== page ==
2. It requires that knowledge be mobilized and internalized in meaningful ways, so that community members can take ownership and create a movement to transform their communities; and
  3. It moves away from the concept of the “volunteer” who contributes to their community, and embraces the power of engaged citizens who build it.

The fundamental premise of the A2S project is that engaging seniors as community builders at the neighbourhood level will increase the overall wellbeing of the community as a whole. Through this program, our Community Animators are able to map the strengths and needs of seniors in the community, nurture long-term collaborative relationships with key organizations and stakeholders, host generative community conversations on what seniors would like to see happen in their neighbourhood, and then support those burgeoning initiatives in practical ways.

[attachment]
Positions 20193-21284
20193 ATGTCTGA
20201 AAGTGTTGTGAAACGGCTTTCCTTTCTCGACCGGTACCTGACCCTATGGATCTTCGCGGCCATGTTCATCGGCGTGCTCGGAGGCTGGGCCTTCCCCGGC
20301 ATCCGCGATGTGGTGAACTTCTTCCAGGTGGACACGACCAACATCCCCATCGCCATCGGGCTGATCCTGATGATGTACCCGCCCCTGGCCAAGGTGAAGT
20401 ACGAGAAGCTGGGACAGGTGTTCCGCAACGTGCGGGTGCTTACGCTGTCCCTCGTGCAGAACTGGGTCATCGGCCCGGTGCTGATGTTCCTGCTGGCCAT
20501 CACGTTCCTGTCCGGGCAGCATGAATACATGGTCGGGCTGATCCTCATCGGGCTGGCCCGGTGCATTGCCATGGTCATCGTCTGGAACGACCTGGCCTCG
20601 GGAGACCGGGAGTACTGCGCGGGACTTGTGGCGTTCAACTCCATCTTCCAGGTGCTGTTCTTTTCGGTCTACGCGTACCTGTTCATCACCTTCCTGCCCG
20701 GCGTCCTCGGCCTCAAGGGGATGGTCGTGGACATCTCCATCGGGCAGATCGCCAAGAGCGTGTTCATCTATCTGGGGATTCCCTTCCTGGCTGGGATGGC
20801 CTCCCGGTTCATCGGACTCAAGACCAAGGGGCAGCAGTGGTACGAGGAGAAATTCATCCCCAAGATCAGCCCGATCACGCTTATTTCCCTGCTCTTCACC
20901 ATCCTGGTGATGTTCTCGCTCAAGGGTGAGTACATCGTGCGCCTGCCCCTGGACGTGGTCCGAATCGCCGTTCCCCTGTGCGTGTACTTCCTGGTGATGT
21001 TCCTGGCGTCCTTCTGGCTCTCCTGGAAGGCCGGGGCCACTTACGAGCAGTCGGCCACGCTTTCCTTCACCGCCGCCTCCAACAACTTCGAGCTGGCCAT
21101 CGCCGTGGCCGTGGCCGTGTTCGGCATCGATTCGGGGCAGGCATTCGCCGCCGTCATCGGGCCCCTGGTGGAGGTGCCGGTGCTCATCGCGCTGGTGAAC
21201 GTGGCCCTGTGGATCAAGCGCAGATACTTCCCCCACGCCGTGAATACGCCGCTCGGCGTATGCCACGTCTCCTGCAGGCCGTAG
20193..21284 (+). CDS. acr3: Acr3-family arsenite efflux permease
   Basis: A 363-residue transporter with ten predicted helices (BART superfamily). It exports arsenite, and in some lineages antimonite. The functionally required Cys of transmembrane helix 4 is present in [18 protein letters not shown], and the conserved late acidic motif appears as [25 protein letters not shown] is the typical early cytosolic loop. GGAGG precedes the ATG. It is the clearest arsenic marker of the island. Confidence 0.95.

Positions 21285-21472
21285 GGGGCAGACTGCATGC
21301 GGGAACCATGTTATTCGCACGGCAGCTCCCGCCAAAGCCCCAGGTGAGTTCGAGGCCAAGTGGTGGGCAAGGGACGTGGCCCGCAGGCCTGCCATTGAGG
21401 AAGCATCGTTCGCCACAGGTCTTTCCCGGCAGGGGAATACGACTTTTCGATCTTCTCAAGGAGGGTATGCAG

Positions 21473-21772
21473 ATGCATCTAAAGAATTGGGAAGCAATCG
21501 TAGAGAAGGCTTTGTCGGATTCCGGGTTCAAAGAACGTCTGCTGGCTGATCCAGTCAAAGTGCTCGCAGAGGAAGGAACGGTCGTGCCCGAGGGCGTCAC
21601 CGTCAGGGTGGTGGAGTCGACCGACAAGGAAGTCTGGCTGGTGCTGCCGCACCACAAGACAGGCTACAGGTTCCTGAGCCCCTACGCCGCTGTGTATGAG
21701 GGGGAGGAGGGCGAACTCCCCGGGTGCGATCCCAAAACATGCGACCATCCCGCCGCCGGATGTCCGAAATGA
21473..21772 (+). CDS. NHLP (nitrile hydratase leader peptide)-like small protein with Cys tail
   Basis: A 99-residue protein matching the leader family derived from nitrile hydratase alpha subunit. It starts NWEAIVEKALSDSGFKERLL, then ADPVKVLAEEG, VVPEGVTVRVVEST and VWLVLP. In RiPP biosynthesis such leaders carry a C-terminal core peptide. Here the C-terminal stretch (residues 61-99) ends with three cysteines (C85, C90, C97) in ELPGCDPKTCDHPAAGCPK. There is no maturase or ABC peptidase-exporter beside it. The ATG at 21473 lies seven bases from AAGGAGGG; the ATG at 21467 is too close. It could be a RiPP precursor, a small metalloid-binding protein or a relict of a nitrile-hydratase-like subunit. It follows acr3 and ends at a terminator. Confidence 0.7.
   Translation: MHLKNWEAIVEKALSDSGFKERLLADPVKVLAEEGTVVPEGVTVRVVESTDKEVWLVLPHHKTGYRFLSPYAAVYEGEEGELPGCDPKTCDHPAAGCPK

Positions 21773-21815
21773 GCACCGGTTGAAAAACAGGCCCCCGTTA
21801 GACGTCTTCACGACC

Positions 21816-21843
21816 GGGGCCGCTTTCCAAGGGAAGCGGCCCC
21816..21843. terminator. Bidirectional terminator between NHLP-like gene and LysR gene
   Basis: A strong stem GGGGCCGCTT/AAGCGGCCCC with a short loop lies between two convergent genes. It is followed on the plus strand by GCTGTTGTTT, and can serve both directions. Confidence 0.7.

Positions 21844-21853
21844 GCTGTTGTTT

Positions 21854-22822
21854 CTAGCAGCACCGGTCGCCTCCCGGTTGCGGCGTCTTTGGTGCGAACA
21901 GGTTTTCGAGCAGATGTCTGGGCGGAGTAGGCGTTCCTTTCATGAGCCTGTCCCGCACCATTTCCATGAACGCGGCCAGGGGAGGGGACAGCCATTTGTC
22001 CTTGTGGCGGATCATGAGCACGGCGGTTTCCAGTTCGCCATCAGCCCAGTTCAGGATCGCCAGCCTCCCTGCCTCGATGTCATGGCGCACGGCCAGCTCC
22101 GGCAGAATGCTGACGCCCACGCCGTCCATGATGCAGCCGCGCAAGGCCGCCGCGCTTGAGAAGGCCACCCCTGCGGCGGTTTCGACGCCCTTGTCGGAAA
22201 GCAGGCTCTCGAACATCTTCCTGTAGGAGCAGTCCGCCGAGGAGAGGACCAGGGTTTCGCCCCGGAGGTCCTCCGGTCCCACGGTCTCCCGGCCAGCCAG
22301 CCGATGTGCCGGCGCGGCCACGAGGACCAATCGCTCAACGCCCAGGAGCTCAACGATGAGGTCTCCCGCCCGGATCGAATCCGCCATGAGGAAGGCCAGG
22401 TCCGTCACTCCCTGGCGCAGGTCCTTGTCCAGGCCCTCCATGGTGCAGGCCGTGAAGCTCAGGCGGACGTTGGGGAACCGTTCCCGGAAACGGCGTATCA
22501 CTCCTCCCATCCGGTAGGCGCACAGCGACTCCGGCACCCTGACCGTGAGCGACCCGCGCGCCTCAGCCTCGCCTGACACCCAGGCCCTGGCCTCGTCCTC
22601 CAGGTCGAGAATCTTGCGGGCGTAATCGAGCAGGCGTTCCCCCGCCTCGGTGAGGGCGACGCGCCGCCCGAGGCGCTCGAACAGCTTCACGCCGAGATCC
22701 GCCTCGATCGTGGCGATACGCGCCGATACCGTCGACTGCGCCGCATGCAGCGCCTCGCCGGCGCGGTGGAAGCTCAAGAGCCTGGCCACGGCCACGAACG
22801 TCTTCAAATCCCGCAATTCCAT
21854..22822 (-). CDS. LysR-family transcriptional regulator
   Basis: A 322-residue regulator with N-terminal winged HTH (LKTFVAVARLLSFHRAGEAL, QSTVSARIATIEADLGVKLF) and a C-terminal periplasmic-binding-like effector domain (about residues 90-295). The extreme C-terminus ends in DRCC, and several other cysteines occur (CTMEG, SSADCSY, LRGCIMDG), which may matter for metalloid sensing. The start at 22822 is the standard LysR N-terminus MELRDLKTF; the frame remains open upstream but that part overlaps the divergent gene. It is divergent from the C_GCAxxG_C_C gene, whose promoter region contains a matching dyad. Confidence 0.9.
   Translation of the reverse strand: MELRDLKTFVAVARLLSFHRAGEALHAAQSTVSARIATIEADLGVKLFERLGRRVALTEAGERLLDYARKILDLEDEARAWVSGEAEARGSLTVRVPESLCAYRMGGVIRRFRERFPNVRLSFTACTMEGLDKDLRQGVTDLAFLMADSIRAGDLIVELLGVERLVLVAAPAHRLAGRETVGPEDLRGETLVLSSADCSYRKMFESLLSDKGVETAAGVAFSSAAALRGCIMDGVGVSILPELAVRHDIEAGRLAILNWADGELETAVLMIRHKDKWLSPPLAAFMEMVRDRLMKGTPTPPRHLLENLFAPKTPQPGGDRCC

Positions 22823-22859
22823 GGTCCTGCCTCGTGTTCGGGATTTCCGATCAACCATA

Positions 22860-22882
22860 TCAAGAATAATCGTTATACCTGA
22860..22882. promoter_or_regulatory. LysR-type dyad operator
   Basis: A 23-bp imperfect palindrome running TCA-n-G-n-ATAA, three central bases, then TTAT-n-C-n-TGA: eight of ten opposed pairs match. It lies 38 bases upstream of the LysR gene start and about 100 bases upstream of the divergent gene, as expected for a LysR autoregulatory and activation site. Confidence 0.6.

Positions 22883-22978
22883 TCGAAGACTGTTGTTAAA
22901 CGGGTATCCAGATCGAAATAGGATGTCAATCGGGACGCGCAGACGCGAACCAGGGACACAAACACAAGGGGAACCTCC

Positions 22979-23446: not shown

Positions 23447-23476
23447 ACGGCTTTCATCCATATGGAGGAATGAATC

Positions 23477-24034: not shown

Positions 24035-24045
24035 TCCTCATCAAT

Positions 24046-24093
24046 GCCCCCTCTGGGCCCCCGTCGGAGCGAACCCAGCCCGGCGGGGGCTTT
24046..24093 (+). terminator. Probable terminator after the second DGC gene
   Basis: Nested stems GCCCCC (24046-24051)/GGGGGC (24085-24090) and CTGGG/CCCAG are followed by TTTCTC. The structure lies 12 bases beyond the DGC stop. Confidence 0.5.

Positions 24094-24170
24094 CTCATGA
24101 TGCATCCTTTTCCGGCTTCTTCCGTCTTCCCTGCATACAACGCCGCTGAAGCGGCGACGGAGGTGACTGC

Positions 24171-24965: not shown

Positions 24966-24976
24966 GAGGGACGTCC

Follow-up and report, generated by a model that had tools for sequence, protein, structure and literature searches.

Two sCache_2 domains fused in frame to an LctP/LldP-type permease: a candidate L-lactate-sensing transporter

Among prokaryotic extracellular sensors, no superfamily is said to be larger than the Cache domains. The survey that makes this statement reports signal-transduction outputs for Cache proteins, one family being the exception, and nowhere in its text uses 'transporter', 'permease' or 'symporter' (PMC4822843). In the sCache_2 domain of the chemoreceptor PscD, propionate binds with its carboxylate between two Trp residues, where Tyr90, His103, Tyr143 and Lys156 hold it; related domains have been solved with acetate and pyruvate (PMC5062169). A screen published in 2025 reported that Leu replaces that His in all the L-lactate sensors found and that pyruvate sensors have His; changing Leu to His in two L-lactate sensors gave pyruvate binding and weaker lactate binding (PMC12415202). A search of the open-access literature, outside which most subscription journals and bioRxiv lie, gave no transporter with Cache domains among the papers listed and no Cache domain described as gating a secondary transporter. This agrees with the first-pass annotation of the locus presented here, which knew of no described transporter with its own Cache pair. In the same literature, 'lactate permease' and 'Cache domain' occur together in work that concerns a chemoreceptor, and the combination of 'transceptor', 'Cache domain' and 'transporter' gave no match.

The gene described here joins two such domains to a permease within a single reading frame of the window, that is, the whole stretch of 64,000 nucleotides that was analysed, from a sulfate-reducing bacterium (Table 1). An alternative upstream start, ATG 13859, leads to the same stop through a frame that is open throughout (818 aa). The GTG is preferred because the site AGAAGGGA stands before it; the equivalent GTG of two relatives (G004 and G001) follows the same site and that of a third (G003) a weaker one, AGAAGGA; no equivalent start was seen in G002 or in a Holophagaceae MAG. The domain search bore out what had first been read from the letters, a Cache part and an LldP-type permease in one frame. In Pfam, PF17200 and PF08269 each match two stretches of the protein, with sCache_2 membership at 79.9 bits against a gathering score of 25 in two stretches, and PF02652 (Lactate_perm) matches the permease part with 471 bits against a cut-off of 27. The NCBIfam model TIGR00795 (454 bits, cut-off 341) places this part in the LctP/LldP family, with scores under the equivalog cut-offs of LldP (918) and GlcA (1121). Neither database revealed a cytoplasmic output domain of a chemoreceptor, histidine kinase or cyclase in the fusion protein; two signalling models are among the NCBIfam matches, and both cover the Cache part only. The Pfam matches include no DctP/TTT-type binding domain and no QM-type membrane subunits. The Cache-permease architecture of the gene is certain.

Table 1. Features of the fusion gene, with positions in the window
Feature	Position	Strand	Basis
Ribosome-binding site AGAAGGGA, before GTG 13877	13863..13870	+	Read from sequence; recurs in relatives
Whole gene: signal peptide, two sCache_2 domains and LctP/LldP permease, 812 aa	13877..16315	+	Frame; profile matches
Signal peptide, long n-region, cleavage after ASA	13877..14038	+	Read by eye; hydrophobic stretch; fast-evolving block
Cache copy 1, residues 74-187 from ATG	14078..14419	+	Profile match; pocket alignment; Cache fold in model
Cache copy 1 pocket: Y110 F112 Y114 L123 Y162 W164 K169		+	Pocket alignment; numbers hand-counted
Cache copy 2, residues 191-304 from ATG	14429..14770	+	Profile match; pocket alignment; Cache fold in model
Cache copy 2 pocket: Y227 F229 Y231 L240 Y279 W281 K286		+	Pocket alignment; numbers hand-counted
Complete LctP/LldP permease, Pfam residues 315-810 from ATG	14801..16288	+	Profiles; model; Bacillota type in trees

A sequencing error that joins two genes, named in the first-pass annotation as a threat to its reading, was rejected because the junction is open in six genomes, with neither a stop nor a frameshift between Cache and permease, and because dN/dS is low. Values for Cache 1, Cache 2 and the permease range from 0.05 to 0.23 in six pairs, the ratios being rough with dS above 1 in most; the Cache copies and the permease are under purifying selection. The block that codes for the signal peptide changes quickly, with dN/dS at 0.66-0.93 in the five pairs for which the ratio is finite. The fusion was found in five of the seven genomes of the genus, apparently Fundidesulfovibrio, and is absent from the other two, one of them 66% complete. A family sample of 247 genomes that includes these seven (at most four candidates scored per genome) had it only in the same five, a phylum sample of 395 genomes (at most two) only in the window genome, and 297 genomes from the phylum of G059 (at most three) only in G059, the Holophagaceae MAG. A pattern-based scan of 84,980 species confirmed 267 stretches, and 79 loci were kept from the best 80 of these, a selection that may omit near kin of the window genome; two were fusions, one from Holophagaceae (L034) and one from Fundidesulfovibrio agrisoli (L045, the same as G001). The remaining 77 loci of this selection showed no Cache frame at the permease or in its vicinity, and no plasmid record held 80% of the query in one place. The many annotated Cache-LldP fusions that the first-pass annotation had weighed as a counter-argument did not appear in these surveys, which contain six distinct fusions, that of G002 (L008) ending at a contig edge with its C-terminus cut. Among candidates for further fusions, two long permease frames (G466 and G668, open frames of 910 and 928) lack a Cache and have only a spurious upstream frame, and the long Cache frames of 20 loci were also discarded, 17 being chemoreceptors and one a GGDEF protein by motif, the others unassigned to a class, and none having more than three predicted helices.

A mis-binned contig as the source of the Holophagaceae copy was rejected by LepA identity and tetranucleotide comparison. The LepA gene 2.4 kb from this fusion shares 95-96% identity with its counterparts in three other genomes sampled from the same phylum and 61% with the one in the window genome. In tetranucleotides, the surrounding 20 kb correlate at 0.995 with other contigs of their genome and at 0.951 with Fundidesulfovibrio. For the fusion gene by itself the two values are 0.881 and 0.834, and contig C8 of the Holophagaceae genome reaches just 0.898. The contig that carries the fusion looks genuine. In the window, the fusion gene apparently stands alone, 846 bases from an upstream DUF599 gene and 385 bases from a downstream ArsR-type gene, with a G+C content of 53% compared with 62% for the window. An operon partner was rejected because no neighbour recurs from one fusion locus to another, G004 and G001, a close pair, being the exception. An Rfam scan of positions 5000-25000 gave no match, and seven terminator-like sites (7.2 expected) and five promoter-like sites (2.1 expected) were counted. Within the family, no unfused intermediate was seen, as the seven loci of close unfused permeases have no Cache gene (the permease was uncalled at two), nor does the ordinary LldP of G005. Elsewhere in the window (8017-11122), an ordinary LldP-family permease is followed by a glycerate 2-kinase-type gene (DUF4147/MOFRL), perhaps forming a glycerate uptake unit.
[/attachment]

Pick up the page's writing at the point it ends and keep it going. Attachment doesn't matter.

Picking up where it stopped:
Supporting Neighbourhood Initiatives

In 2016, Sage received funding from Age Friendly Edmonton (AFE) to support the senior-led initiatives our Community Animators are fostering at the neighbourhood level. The funding is used in two ways:

  1. To create spaces for seniors to engage in very practical and important ways (simply being able to bring people together to make and share meals, for example, can provide important glue to the burgeoning relationships that will lead to long-term, neighbourhood level change) and;
  2. To provide micro-grants ( up to 1,000.00) to seniors who, having identified a project, need a bit of seed money to get it started.

In 2018, our Community Animators facilitated micro-grants for the women of Al Rashid Mosque, seniors working with students at Abbott School, the South Clareview Seniors Hub, the Edmonton Aboriginal Seniors Centre, the Somali (Senior and Youth) Women’s group, the Iraqi Women’s group crafting night series, the Fraser Community League Seniors Breakfast, the C5 Hub Seniors Corner Family Fun event, and the Intergenerational Kindness Project.